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The Sons of Liberty #2: Death and Taxes

Death and Taxes is the second book in a YA graphic novel series called The Sons of Liberty. It is written and created by Alexander Lagos and Joseph Lagos, with art by Steve Walker, and coloring done by Oren Kramek.

The makings of the Revolutionary War are beginning to fall into place. High taxes, tyranny, and a bunch of very unhappy Americans are starting to realize they want to be free of England's yoke. Amongst the many Philadelphia residents are Graham and Brody, escaped slaves for many years now. They've mostly kept their heads down and worked hard, avoiding getting involved in any of the debates and demonstrations.

But they don't just avoid these situations because of their previous lives as slaves, but because they have successfully hidden their powers for many years now - and they don't want to reveal them now. Yet things are getting violent on the streets, and they find they can't ignore how they can help. So, Graham and Brody don masks and use their abilities to help... though they aren't always sure what side they are helping...

This graphic novel takes a new twist on American history in the years before the Declaration of Independence.

Alrighty! I'm not someone who has read too many graphic novels. I was a big fan of Archie comics when I was younger (and probably would still be, if I was still reading them), but have only read a couple graphic novels. And those were still usually somewhat comedic or mystery oriented. This one, Death and Taxes, is kinda violent and crazed - didn't really meet my particular tastes and felt more male-oriented. I'm not saying, of course, that no girls would go for it - I'm just saying my impression was that it would appeal much more to guys.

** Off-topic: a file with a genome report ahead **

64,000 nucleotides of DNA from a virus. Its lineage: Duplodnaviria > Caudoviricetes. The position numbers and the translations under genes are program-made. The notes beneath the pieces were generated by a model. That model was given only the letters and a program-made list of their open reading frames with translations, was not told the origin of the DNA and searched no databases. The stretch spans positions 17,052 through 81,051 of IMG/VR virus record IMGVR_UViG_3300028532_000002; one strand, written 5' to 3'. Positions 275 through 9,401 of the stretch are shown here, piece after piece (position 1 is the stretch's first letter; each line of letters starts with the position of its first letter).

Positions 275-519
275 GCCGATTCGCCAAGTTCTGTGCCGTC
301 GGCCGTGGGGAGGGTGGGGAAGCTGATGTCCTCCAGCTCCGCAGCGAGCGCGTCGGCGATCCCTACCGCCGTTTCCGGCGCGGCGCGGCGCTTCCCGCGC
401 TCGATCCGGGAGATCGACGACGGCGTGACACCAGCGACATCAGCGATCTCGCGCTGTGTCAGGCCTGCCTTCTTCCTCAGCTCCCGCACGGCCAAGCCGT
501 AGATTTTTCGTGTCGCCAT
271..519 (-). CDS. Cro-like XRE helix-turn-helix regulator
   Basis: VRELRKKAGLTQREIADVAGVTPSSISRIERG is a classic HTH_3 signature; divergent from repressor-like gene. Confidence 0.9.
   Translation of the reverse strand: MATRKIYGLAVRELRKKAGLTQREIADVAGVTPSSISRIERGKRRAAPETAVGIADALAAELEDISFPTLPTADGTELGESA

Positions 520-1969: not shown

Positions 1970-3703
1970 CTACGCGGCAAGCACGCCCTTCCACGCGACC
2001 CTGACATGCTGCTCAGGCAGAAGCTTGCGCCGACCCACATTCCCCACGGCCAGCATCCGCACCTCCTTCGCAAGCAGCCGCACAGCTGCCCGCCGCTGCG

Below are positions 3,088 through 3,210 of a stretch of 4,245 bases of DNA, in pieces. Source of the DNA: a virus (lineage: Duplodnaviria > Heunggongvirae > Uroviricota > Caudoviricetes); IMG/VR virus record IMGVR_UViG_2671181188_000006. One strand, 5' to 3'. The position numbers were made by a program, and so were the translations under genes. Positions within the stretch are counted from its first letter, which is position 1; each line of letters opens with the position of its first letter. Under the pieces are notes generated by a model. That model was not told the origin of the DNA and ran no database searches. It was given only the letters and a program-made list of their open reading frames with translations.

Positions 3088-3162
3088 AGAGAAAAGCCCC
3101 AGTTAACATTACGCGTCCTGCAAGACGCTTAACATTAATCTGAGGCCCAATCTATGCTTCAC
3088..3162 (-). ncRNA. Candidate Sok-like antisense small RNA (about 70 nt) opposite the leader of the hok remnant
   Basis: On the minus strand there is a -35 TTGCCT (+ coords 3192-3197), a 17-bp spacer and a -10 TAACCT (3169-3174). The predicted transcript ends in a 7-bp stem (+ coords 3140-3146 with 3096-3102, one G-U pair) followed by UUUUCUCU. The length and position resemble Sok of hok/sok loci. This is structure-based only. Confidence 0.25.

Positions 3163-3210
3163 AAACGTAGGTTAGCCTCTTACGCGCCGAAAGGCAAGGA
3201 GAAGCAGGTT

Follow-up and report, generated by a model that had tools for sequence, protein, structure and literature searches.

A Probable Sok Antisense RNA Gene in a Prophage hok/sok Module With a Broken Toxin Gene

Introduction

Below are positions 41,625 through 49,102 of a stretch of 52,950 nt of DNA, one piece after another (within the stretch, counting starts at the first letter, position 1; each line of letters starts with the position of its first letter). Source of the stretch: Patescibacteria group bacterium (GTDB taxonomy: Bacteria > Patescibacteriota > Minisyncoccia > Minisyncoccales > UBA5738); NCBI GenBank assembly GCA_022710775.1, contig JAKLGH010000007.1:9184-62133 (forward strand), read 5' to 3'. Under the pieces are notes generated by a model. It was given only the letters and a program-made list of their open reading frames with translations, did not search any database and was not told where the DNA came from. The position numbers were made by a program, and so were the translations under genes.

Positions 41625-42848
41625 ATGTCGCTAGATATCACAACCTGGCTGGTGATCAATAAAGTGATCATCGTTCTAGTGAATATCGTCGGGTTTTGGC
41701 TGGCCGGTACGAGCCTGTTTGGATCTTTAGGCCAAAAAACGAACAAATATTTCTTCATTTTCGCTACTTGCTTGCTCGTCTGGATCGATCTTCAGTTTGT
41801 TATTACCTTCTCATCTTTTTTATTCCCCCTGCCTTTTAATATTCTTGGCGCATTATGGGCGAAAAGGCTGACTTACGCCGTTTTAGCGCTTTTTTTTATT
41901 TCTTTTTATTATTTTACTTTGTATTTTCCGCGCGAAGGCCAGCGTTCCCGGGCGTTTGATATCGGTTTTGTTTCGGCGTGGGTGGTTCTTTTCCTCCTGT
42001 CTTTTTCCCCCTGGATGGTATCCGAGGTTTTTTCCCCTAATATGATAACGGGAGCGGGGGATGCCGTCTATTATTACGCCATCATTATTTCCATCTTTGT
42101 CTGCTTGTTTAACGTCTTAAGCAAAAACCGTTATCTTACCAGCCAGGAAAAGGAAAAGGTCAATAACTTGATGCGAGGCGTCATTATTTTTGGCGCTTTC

This is just my personal opinion, but I myself was a bit bored with Death and Taxes. It seemed to lack a real plotline and patriotism. It was hard for me to tell what was going on, who was who, who I was following, and why I would care. Now, I did miss reading the first novel in The Sons of Liberty series, and that may have been a hindrance.

For me, the fact that about 99% of the people represented in the novel were presented as mad and bloodthirsty and so many of the squares feature people with maniacal expressions - well, that just wasn't so pleasant for me. It's definitely intense, and I'm sure many fans of graphic novels will love Death and Taxes! It just wasn't my "cup of tea".

But don't listen to me! If you love graphic novels, and like your reading material to have a darker twist - you should read Death and Taxes for yourself! Our reading tastes are not the same!!! And I would love to hear differing opinions!


Now, I may not have been a huge fan of this particular graphic novel, but comics in general are awesome! So for all of you fans of manga or aspiring manga artists out there, I have another new release I want to quickly mention to y'all. It's called Young Artists Draw Manga and it is a step-by-step guide on how to draw your own manga!

It's written by Christopher Hart and has some excellent tips to try - and will probably keep you entertained for quite a while. There's specific help on drawing feet, hands, and different movement - for example walking, winking, etc. Definitely a fun book - and an educational one at that!

Again, if you've been wanting to learn how to draw manga, or you have some time on your hands and would like something diverting to do - pick up Young Artists Draw Manga!


Connor Keating said…
Great books are both of them. I really liked reading these books with all the passion I had.

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